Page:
“When Rutland opened it was the largest man-made reservoir in Europe.”

There are very few hazards at Rutland. The water gets deep reasonably quickly from the edges with very few large rocks to worry about. There is one tour boat which has right of way over all other craft, but this is rarely an issue. The only other thing to be aware of is at various weekends of the year there are dinghy races in the main body, but as the lake is quite large these can easily be avoided by sailing in a different area. With regards to weed this is rarely an issue, occasionally there may be some tight to the edge, but once launched you should be all clear.

On Rutland water the conditions vary massively, sometimes in the same day! As it is a confined area of water, meaning generally smaller waves, the lake is turning into a bit of a mecca for windfoils. The long unobstructed runs with few hazards are ideal for foiling. Also the ability to glide through lulls and gusts which are standard for any inland water make it a great option.

For those not into the windfoil craze many windsurfers choose to use freestyle or freestyle-wave boards. These get up and go early and deal with the chop. When choosing your board size I would recommend something slightly larger in volume as it will allow you to glide a little easier through the lulls and if the wind does drop you will always have enough volume to float your way home. Even in quite strong winds many choose boards of around 100 litres volume.

Rutland water is a busy little spot with a good group of windsurfers to be found by the beach pretty much every day the wind is over 10 knots. Frequently found stood on the shoreline waiting for the next front to blow through or just pulling off a stylish Rutland gybe – i.e. hopping off and turning round before beach starting in the other direction! The local windsurfers are very friendly and always willing to give you pointers and have a chat. Depending on the conditions, sometimes more chat and less sailing! The main tricksters on windy days are Mark Pacey and Keith Ellis trying out a variety of freestyle moves. On the less windy days Steve Bignall, Bee Furber and Bob Sentance can be seen cruising round on foils.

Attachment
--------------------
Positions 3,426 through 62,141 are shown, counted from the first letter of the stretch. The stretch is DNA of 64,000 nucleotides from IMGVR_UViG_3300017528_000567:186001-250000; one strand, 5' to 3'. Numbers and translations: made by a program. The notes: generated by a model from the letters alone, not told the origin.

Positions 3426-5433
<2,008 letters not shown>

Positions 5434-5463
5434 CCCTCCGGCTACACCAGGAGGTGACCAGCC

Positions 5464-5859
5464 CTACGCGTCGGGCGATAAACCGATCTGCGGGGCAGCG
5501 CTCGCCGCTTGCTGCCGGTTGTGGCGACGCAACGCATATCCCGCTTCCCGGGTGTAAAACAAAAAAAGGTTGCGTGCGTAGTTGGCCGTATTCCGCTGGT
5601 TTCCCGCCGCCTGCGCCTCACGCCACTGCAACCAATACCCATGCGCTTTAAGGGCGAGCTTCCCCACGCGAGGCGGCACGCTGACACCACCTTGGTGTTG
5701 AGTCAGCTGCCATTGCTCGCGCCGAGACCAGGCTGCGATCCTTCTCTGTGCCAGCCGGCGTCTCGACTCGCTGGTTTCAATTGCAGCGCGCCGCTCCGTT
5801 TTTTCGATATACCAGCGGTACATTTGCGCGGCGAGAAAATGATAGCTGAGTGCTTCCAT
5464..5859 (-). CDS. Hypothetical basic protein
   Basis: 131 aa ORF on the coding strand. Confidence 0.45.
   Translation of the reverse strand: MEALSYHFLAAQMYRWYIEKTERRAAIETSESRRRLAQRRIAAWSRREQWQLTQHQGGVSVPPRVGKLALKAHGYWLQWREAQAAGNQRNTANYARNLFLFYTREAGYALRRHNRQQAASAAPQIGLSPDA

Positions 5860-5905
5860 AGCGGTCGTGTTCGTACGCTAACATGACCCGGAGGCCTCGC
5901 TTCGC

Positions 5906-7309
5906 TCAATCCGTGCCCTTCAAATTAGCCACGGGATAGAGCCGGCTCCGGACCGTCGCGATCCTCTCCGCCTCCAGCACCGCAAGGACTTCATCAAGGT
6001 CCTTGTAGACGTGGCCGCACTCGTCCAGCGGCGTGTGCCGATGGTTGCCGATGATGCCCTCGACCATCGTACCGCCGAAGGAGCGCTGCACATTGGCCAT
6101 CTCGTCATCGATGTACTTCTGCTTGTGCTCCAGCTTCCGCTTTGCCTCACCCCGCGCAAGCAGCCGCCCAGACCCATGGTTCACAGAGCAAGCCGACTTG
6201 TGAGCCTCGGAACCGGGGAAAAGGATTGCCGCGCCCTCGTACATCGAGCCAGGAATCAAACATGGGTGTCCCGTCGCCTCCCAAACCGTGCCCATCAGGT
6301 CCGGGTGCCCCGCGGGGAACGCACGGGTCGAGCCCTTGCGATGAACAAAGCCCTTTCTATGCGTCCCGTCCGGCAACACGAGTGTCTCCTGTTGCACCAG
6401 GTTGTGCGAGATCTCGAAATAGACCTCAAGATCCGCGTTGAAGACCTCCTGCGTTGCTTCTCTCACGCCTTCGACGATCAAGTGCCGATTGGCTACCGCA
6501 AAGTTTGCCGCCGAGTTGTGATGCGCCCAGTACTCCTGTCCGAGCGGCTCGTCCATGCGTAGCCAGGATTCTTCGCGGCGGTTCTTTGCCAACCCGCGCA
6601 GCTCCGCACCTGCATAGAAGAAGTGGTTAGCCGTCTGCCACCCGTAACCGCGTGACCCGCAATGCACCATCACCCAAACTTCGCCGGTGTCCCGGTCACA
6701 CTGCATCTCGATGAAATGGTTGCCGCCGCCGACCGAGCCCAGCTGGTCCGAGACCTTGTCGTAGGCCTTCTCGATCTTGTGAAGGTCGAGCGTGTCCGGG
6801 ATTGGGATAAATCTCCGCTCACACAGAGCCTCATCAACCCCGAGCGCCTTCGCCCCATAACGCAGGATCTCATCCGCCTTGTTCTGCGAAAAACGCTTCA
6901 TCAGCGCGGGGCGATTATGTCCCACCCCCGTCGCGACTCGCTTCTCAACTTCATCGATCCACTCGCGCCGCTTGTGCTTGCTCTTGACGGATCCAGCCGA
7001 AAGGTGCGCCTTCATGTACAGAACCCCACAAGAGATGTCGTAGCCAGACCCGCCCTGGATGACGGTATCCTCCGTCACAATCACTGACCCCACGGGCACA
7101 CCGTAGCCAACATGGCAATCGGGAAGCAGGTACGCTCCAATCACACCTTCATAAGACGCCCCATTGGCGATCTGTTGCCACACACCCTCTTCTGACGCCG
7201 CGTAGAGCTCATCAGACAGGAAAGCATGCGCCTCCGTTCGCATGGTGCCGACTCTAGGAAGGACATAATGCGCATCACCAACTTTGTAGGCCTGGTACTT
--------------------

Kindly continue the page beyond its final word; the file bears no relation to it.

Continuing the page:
Rutland Watersports is a great place to work with really friendly colleagues who all enjoy time on the water themselves. We stock lots of the smaller bits of kit that often unexpectedly reach the end of their lives: UJ’s, harness lines, uphauls, fin bolts etc. We are also stockists for Starboard, Severne, Ion, Fanatic and North and although we don’t hold larger items in the shop, we are always happy to order things in. The staff are very helpful and if you are stuck they will always lend a hand. The centre has changing rooms for customers which have hot showers year round, which is nice in winter, but can be very busy in summer. There is also safety boat cover provided for all water users offering a bit of peace of mind in case it all goes wrong!